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Marketing Color Theory

Marketing Color Theory

When you send out your marketing materials, do you ever consider what your color scheme is saying about your brand to your audience? There are so many components of color usage that as a graphic designer, I find myself constantly researching color theory to pick the correct color combinations for the message we are trying to convey. Often, marketers and office managers consider the text of the message only, not giving a thought to the mood or feeling that they want their audience to have with the piece. This works with promotional products, if you pick a red pen is that telling your audience to be passionate about your products and services? What if you pick a green pen? Does that tell your audience subconsciously that you are Eco-friendly?

Of course all of this is subject to the individual viewer, that’s why they call it theory. Here are the main things I consider when evaluating color in a marketing project:

Warm Colors: Red. Yellow. Orange.

  • Warm Colors tend to be used for calls to action – they can mean passion, vitality, or energy.

Cool Colors: Blue. Purple. Green.

  • Cool Colors can bring up feelings of safety, responsibility, and creativity.  They can bring a soothing emotional response from a viewer.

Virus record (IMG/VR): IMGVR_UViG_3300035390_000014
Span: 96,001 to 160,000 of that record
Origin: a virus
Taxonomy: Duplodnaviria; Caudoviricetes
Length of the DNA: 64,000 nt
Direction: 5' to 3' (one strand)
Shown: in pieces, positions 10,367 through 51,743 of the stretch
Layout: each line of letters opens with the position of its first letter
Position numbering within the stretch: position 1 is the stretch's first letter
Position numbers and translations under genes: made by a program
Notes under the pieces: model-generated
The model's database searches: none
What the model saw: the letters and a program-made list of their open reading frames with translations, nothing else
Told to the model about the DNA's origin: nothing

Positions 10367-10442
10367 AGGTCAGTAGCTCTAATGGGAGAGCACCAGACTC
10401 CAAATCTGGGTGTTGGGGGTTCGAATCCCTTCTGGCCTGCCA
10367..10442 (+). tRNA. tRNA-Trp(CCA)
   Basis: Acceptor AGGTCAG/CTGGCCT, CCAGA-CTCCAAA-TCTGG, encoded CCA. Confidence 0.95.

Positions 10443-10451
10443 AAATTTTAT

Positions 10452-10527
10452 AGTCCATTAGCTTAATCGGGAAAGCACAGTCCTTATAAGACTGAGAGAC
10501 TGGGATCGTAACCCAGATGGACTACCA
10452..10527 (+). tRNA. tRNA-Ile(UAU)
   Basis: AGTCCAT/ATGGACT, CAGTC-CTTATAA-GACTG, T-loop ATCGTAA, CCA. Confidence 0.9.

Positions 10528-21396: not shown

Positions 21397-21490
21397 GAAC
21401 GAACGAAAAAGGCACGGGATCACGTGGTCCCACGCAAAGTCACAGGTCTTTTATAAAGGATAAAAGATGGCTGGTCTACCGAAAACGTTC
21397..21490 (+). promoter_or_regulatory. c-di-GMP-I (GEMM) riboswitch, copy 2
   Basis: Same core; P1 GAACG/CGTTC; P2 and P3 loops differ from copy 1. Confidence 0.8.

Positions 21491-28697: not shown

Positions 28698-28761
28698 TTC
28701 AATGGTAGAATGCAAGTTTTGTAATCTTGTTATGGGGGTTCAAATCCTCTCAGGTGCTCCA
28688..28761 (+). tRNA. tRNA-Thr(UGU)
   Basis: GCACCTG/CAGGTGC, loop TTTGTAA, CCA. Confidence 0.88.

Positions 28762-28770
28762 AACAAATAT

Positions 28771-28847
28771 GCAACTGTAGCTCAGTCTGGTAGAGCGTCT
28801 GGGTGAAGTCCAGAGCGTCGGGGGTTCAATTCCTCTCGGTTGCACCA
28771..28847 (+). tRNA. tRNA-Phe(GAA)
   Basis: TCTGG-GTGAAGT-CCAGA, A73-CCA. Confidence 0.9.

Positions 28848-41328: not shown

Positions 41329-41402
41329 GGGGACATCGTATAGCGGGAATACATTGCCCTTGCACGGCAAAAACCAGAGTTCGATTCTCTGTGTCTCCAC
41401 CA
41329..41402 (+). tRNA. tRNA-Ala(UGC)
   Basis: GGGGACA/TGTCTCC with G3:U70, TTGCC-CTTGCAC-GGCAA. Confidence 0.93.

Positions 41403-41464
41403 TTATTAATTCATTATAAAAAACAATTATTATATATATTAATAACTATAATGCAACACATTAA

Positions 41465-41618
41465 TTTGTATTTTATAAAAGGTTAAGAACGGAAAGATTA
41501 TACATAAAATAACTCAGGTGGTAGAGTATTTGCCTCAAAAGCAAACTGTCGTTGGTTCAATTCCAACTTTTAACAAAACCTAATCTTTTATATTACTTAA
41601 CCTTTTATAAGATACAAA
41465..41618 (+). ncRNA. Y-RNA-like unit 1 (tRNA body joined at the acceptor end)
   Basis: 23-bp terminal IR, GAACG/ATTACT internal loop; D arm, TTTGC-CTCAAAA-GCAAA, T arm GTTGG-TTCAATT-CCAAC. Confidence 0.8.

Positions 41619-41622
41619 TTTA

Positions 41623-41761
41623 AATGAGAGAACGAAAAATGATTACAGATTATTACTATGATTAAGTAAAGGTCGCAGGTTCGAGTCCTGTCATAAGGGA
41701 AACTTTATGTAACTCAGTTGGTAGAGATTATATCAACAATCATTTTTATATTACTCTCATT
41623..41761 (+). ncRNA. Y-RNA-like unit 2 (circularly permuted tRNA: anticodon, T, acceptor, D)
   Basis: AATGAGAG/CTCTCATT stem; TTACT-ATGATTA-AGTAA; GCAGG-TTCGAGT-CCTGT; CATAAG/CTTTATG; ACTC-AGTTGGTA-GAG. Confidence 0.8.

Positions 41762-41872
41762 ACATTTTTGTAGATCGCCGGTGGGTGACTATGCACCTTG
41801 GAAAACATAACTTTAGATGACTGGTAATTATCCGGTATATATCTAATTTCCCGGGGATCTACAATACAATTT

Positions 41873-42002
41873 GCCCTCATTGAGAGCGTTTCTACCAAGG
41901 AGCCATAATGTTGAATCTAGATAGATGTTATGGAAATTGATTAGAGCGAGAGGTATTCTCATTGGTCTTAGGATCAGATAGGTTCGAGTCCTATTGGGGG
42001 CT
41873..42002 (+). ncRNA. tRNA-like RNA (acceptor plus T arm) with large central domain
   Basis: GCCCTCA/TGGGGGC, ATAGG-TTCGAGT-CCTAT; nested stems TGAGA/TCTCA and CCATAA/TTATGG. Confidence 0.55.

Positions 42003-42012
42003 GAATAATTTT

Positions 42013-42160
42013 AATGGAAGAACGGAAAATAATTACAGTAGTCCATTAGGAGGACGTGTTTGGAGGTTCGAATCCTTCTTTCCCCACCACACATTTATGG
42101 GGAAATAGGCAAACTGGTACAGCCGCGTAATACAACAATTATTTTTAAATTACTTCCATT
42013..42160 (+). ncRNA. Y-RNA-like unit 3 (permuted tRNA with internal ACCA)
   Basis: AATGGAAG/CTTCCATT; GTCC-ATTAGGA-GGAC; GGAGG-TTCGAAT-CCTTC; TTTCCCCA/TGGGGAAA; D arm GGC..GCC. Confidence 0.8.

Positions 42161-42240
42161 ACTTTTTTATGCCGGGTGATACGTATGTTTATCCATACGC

Neutral Colors: Black. Grey. Beige. Brown. Tan.

  • Neutral colors can go towards both warm and cool color palettes. Sticking to only neutral colors can feel very upscale if done appropriately.

White.

  • Don’t forget to use that “negative” space! White can be very classy as it leads towards feelings of cleanliness, neatness, or purity.

Of course there are more things to consider like Hue, Saturation, Density, Opacity, Composition, etc. If you have a mostly warm color palette, where do you insert cool elements? If your design is mostly neutral, does throwing a pop of color help without changing the feeling you wanted to convey?

One of my favorite tricks in graphic design is using complimentary colors in a design to help push the information forward. An example would be if someone has a logo that is primarily blue, you use orange in the design in a subtle way and the orange and blue will play off each other to help push the dominate one to be the thing that is noticed within the first second someone’s eyes see the piece. The vibrancy of complimentary colors next to each other will literally look like they are vibrating when placed next to each other – that is why so many sports teams use complimentary colors for their branding – it helps intimidate their opponents. Yellow & Purple, Blue & Orange, Red & Green, and all the shades.

I could go on about primary colors and tertiary colors, but instead here is a fun guide to help you when you are thinking about your next project’s color scheme:
color theory graphic designsource: http://www.smashingmagazine.com/2010/01/28/color-theory-for-designers-part-1-the-meaning-of-color/

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